I LIVE IN CHALFONT, PA. MY COLORADO BLUE SPRUCE NOW HAS SOME BROWN
BRANCHES, A LITTLE AT THE BOTTOM AND NOW I SEE SOME IN THE
MIDDLE AREA. I HAVE BEEN AT THIS HOUSE FOR 15 YEARS, THE TREE
WAS HERE AND NO PROBLEMS UNTIL NOW. WHAT CAN I DO TO SAVE THIS
TREE? IF I PRUNE IT, HOW DO YOU PRUNE IT? ALSO, I KNOW THERE
IS IVY GROWING IN THAT AREA. COULD THAT DO ANYTHING?
THANK YOU SO MUCH FOR YOUR HELP!!!!!
Conifers do lose the needles on the interior part of the foliage so some of this maybe natural. But the vines will cause some needles to die from the competition for sunlight and water from the vine. I would cut the vines out as soon as you can. If the tree is growing in an open space I see not need to prune it. I would fertilize it. would fertilize. For blue spruce, what I would suggest is the following. Use 30-10-10 fertilizer for the growth and use Aluminum Sulphate to help bring out the blue tinge that they are so famous for and the 30-10-10 will grow them nice and healthy. Use 1 lb per inch of trunk diameter scattered around the tree under the foliage. Fertilize in the spring and summer.
It maybe anything from natural needle shedding to a foliage disease--not really enough information to say for sure. Looks like natural shedding. Here are a few reasons for needle drop.
Needles may turn brown and drop on spruce trees for several reasons. Before you become alarmed or treat the tree with a pesticide, you need to find out why the needles are dropping. Only then can you use appropriate treatment if the tree even needs one. Like all evergreen plants, both needled and broadleaf, spruce trees eventually drop foliage. An individual needle will naturally stay on a spruce branch for 2-3 years, and then turn brown before dropping. It is possible to mistake natural needle fall for a pest problem. Natural needle fall occurs mainly on the inside of the tree and the older sections of the branch. It does not occur on or near the branch tips where the newest needles are located. Natural needle fall is seldom conspicuous on spruce trees. Natural needle drop on pines, particularly on white pines in the fall, can be very obvious and may cause you concern if you are not familiar with it.
Cytospora canker, a fungal disease, is the most common reason for unnatural needle drop on Colorado blue spruce. It also occasionally occurs on Norway spruce, but rarely on white spruce. Cytospora canker is a very common disease of older, mature Colorado spruce in the Midwest. The first symptom is browning of needles at the tips of the branches, followed by death of the lower branches. Over several years, it spreads upward to other branches. Dead areas, called cankers form at the base of the branches, but do not discolor or become depressed. Instead, resin flow is seen, causing conspicuous patches of white resin on the bark. Cut out all cankered branches, avoid making unnecessary wounds, and keep the tree healthy and vigorous. Stress leads to more severe canker development. If the tree becomes a visual liability, it is best to remove it. Fungicides are not an effective control measure.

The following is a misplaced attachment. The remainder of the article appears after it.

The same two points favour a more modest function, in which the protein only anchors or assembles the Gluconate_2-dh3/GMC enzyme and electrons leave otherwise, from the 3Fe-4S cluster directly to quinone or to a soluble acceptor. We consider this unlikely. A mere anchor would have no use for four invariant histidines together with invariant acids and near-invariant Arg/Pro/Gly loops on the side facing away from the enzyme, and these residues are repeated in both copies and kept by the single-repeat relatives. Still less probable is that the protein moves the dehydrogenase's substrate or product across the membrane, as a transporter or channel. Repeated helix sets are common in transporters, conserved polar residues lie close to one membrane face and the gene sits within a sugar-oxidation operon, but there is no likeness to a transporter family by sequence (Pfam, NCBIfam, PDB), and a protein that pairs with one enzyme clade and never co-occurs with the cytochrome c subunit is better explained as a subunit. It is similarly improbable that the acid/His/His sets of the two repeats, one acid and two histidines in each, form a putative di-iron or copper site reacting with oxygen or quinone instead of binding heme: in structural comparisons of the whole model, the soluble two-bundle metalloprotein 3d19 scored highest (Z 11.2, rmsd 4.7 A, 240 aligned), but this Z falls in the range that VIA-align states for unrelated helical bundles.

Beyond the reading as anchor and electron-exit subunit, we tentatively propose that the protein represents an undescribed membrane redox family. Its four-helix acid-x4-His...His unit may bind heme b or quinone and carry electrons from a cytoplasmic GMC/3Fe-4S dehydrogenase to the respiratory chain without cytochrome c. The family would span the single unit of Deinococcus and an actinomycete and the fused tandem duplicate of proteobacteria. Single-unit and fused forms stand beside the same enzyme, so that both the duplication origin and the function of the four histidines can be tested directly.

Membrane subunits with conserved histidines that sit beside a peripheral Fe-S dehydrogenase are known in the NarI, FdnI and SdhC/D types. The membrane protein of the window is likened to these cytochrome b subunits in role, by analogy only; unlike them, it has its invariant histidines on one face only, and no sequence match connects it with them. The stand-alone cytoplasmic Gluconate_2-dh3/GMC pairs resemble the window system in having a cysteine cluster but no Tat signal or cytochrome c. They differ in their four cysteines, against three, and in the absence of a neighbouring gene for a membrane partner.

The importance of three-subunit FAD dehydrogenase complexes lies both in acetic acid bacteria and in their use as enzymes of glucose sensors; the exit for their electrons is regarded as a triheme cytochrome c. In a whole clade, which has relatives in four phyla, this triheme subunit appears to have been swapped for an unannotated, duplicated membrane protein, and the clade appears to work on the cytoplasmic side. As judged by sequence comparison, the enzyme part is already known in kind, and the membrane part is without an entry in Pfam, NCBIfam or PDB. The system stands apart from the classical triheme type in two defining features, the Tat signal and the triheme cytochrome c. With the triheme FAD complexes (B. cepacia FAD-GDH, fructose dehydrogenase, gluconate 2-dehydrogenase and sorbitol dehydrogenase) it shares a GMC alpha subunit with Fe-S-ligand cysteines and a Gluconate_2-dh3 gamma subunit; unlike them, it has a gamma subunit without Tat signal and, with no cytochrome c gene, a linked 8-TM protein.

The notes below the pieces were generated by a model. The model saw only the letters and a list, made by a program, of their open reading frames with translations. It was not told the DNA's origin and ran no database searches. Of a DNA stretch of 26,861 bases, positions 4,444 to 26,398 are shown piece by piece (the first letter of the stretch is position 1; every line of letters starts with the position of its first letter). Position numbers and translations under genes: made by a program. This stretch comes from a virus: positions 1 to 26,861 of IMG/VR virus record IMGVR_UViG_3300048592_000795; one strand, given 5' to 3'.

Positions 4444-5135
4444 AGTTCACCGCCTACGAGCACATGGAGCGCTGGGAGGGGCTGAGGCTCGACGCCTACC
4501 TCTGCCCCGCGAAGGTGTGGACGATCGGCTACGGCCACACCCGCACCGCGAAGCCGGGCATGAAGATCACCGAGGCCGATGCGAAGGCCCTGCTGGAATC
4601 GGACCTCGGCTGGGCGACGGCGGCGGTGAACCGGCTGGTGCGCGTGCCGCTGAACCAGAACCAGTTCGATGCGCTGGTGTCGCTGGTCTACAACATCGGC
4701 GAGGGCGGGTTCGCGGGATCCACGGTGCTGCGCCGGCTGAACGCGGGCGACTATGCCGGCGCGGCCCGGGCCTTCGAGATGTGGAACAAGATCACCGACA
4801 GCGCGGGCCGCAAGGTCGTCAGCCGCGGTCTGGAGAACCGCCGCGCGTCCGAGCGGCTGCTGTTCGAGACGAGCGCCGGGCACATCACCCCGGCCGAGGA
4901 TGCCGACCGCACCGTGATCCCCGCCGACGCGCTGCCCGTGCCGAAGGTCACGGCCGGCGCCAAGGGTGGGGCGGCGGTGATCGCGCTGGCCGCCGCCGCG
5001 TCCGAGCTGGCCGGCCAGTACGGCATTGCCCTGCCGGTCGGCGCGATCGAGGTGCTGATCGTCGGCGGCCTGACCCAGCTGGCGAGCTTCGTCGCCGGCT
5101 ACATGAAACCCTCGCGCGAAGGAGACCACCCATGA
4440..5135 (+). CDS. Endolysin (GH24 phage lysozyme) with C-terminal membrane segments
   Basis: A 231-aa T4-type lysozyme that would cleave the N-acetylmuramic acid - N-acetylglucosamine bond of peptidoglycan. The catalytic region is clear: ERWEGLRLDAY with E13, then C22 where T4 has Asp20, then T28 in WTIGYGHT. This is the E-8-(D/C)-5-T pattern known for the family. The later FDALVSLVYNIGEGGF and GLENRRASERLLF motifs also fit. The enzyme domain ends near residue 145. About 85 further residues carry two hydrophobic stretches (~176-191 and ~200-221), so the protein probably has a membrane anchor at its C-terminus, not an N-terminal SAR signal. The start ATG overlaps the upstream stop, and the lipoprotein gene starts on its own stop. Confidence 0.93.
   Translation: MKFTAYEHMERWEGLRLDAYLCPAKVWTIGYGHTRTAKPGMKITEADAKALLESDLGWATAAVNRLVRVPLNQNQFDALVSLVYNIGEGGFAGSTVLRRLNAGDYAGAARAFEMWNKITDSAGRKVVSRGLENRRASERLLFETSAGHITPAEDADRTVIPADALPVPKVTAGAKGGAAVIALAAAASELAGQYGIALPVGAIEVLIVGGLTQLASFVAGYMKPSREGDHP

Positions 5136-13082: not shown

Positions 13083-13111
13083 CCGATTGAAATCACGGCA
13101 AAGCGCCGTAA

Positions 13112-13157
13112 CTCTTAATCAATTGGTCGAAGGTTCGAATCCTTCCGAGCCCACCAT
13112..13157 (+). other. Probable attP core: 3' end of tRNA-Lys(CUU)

Rhizosphaera needlecast is another cause of needle drop. This disease also tends to start on the lower branches and moves up the tree. It does not attack individual branches, but rather several branches all at one time. The first symptom appears in late summer when needles are speckled with yellow blotches. Later the needles turn brown or purplish brown on blue spruce. The needles drop the following summer or autumn, about 12-15 months after infestation. Close inspection with a hand lens reveals rows of distinct black specks on affected needles. These black specks provide positive diagnosis for Rhizosphaera needlecast. This disease rarely kills trees, but heavily infected trees may suffer severe needle loss. If the tree is severely defoliated 3 or 4 years in a row, some branches may die. It is best to let an expert diagnose this problem before the tree is treated.
Spider mites can also cause needle drop on spruce trees. Mites are a potential problem on all spruce trees. As spider mites feed on the needles with their sucking mouth parts, they cause the needles to turn dull and eventually become yellowish green and drop. Close inspection with a hand lens will reveal a fine webbing between the needles. Another way to check for mites is to hold a piece of white paper beneath a branch and shake the branch vigorously. If mites are present, you will see tiny, moving specks on the paper. Minor infestations can be treated by showering the tree with a strong spray from the garden hose. If the infestation is heavy, chemical treatment may be required. Check with your local nursery or garden center for currently available sprays for spider mites.